First Paul writes that "love never fails" (v. 8). "Fails" is pimpo used as a Present Active Indicative. "Love is never in the ongoing process of falling." It is not going away! But the Greek says, "Gifts of prophecy will be in the future made inoperative (set aside, katargeo)." Thayer says of this word, it will it will become inactive, done away with, made of none effect, abolished, annulled.
Of linguistics (tongues) Paul writes, "They will in the future stop (pauo) themselves." Paul uses pauo in the Future Middle Indicative Greek form. Thayer translates this word, to cease, to desist, to be restrained, to be left off. "They will in the future self-destruct themselves!"
The rest of the verses. The verses that follow (13:9-13) seem to verify that these gifts would stop and that there was something better to come. Paul writes, "When the perfect (teleion, the complete, mature) comes, the partial will be done away." Done away is that Greek word katargeo. Many of us believe the "perfect" or the complete, has to do with the completion of the canon of revelation. There seems to be no better explanation given. Maybe even Paul did not fully comprehend what this completion entails.
But on these verses, what do the old grammatical Greek scholars hold who had no ax to grind concerning charismatic issues? Let's take a look:
- T. Robertson writes about verse 8: "They shall be made idle, inoperative. ... All these special gifts will pass. ... To be made to cease. ... They shall make themselves cease or automatically cease of themselves."
- The great Greek scholar W. Robertson Nicoll says: "These gifts will cease, drop out of existence. These special gifts were bestowed on the way and served the wayfaring church, they cease each of them at a determined point. ...They will be done away by a completer realization of the objects they seek. ... They will stop. ... A temporary significance, they will lapse and terminate."
- C. K. Barrett writes: "Prophecies, tongues (linguistics), and knowledge were all at best partial revelations of God. They had their place, yet they were limited and temporary."
"We do also hear many brethren in the church, who possess prophetic gifts, and who through the Spirit speak all kinds of languages (not gibberish), and bring light for the general benefit, the hidden things of men, and declare the mysteries of God."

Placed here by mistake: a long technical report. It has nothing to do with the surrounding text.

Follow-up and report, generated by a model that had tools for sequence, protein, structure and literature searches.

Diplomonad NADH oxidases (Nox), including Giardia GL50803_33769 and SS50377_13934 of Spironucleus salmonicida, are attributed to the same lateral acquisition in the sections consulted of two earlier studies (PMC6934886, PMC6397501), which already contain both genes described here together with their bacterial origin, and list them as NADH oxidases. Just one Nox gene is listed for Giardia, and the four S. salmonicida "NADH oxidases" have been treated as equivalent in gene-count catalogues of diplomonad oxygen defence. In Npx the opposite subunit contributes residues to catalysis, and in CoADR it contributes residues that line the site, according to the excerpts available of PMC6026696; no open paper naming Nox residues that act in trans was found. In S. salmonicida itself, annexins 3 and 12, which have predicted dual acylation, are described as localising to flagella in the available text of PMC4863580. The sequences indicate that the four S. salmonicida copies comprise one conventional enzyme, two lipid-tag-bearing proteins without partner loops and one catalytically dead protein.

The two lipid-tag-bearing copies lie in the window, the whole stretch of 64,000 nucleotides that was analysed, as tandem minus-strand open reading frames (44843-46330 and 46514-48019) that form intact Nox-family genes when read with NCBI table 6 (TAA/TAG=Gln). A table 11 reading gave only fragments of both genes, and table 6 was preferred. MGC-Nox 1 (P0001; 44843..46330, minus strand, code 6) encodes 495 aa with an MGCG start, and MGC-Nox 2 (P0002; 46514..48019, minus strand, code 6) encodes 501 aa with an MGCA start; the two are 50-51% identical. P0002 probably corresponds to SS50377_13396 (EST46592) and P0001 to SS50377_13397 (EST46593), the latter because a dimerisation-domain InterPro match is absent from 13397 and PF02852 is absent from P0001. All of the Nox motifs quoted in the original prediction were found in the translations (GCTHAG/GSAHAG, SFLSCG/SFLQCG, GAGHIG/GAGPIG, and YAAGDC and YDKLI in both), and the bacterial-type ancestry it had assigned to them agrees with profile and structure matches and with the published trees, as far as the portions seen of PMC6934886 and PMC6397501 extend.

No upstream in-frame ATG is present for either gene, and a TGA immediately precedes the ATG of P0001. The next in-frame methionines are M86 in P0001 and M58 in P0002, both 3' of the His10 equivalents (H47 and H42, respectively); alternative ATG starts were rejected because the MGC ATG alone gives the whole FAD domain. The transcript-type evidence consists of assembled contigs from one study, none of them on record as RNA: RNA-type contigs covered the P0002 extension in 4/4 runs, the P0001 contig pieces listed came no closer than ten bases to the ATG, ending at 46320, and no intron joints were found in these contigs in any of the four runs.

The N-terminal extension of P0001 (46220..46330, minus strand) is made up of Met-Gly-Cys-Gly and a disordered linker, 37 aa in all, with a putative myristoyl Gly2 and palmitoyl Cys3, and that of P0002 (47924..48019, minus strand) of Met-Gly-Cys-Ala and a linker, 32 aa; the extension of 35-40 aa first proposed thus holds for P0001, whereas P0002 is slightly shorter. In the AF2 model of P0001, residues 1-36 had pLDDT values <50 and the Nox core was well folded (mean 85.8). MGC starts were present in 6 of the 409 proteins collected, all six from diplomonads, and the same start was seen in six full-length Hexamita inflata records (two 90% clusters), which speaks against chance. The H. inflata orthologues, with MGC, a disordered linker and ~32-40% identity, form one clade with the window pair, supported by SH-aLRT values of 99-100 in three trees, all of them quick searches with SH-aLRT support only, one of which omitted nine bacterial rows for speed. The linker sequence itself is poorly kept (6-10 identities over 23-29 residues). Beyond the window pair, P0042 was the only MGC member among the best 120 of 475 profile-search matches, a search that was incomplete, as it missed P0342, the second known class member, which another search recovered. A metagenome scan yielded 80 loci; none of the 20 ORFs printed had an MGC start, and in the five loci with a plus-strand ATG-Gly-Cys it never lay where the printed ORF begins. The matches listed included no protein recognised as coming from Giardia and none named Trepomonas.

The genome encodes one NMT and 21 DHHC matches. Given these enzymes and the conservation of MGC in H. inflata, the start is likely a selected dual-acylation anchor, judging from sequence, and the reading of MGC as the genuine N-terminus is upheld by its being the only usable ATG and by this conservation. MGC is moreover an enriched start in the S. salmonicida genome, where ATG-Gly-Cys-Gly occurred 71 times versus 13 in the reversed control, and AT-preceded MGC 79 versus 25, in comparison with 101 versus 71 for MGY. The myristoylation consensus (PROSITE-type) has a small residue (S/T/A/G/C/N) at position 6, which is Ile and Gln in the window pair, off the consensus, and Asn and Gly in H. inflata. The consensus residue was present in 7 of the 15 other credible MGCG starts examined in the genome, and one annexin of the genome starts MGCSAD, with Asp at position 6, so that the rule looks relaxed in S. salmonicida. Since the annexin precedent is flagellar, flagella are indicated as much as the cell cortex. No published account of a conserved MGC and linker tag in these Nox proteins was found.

Note that Irenaeus spoke of the gift of legitimate languages not some kind of strange mystical babbling.
Speaking of one church leader Montanus said, "He became beside himself, gave the adversary (Satan) opportunity against him. He being suddenly in a sort of frenzy and ecstasy, he raved, and began to babble and utter strange things, prophesying n a manner contrary to the constant custom of the church handed down by tradition from the beginning. Some of those who heard his spurious utterances at that time were indignant, and they rebuked him as one that was possessed. ... He stirred up besides two women, and filled them with the false spirit, so that they talked wildly and unreasonable and strangely, like the person already mentioned."
What else could one add to this! It sounds just like many charismatic meetings held today!
While Chrysostom lived some 300 years after the apostolic period, he makes an interesting comment on 1 Corinthians 12:1-2. He wrote, "This whole passage is very obscure: but the obscurity is produced by our ignorance of the facts referred to and by their cessation, being such as then used to occur but now no longer take place." It is clear that by this time the gift of linguistics had disappeared from the church.
In the apostolic period, Augustine says, "The Holy Spirit fell upon them that believe and they spoke with tongues, which they had not learned, as the Spirit gave them utterance. These were signs adapted to the time. For there was this betokening of the Holy Spirit in all tongues (languages) to show that the gospel of God was to run through all [languages] over the whole earth. That thing was done for a sign, and it passed away."
Only the stubborn and the argumentative would deny the obvious historical evidence. In fact, I have heard, as others also have heard, charismatics say, "But I don't care what the Scriptures [or church history] says, I know what I have experienced." Experience then becomes the arbitrator of what is true, and not the Bible!
But we do not fly our airplane by what we emotionally feel or experience; we fly the plane by the instruments and by objective fact! Among most charismatics this is not being done today!